How to Kill Algae in Your Pond


Every small or large pond is susceptible to an algae bloom. Growth occurs through the reaction of sunlight on the normal nutrients of the pond, some of which are brought in by natural forces like rainfall, and others that are brought in by the fertilization of cultivated plants. Blocking sunlight, limiting the amount of added nutrients, and possibly using algae-eating animals can keep blooms under control, but once it gets out of hand, there is only one real solution.

Step 1

Purchase a recommended algaecide available at farm or garden stores near you.

Step 2

Turn your filtering system off and add the required amount of algaecide to the pond water. The directions for adding any algaecide will be found in the product's directions.You will need to make rough calculations about how many gallons of water are in your pond, then add a relative amount of algaecide to kill off the existing bloom.

Step 3

Wait for the specified amount of time for the algaecide to work. This will generally be about two days. The algae will turn brown as it dies off.

Step 4

Dip your pond net into the water and scoop out as much of the dead algae as you can. This will be a wet and messy business, but it needs to be done in order for the pond to come back to normal pH. Also, removal of the dead algae will keep your filter from clogging up.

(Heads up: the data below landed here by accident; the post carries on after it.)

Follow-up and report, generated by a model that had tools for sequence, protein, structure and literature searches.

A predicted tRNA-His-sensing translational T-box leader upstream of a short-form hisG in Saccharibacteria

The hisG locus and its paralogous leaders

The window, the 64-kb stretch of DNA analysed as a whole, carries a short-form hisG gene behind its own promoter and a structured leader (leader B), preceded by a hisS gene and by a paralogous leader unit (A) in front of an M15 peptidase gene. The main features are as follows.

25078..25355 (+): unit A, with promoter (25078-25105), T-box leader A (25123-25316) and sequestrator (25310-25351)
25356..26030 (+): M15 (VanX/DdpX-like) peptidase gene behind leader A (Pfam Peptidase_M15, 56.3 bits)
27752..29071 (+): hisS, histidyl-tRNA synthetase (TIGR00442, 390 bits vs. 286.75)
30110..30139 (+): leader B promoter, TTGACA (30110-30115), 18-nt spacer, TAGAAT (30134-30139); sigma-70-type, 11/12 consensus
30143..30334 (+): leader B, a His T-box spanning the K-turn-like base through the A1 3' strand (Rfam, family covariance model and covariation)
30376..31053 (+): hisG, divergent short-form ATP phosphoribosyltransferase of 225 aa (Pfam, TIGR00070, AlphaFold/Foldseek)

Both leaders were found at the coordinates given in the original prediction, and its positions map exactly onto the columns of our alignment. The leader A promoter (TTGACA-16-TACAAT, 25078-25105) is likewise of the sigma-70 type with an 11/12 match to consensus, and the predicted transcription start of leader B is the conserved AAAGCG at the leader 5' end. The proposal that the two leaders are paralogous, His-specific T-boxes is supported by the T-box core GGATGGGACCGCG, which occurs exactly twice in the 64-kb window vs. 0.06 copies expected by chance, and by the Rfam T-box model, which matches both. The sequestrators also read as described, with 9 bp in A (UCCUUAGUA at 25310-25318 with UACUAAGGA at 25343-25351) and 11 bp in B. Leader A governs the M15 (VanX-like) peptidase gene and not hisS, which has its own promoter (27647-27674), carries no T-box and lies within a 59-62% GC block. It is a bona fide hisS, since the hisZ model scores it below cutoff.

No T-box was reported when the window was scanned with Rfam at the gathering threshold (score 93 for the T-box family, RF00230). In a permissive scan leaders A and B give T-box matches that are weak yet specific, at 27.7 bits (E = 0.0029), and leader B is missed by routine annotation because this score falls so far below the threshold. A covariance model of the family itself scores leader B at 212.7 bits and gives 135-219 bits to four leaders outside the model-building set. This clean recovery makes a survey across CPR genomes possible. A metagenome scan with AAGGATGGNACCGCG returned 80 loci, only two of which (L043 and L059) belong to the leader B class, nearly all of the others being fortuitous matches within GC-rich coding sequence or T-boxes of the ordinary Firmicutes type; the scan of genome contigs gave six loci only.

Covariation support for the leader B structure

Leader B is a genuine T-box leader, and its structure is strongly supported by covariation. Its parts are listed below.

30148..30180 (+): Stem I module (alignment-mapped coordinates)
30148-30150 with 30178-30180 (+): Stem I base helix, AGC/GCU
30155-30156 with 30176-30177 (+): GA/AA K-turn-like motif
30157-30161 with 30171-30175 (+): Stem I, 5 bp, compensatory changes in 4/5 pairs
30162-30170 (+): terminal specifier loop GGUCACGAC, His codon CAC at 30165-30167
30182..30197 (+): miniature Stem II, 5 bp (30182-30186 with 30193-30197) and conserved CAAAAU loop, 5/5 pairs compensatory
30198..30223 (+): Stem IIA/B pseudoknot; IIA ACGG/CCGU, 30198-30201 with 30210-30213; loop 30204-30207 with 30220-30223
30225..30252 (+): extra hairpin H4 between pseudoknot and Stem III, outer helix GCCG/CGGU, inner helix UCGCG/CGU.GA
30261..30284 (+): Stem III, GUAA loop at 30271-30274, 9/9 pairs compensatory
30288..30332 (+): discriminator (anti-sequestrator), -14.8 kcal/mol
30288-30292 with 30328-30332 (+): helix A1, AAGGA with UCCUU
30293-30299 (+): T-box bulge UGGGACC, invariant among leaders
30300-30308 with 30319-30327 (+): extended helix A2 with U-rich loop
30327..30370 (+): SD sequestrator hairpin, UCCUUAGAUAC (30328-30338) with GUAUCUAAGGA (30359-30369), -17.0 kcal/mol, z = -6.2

Step 5

Turn your filtration system back on and allow the pond to get back to normal. You may have to clean or change your filter medium a time or two to remove any leftover dead algae.

Things You'll Need

  • Certified algaecide (containing copper sulfate)
  • Pond net


  • WVU: Control of Nuisance Algae in Ponds
  • Cornell: Chemical Control of Algae
  • Battling Pond Scum
Keywords: algae bloom, pond water, filtration system, kill off the existing bloom

About this Author

Dale Y the Maintenance Guy, has been involved with do-it-yourself projects, household and auto maintenance, property management and worked as a consultant with home and industries, while running a successful home repair business for more than 25 years. His written work has appeared in the "Lacrosse Tribune," "Women's Day," "New Home Journal," and on many DIY websites across the Internet.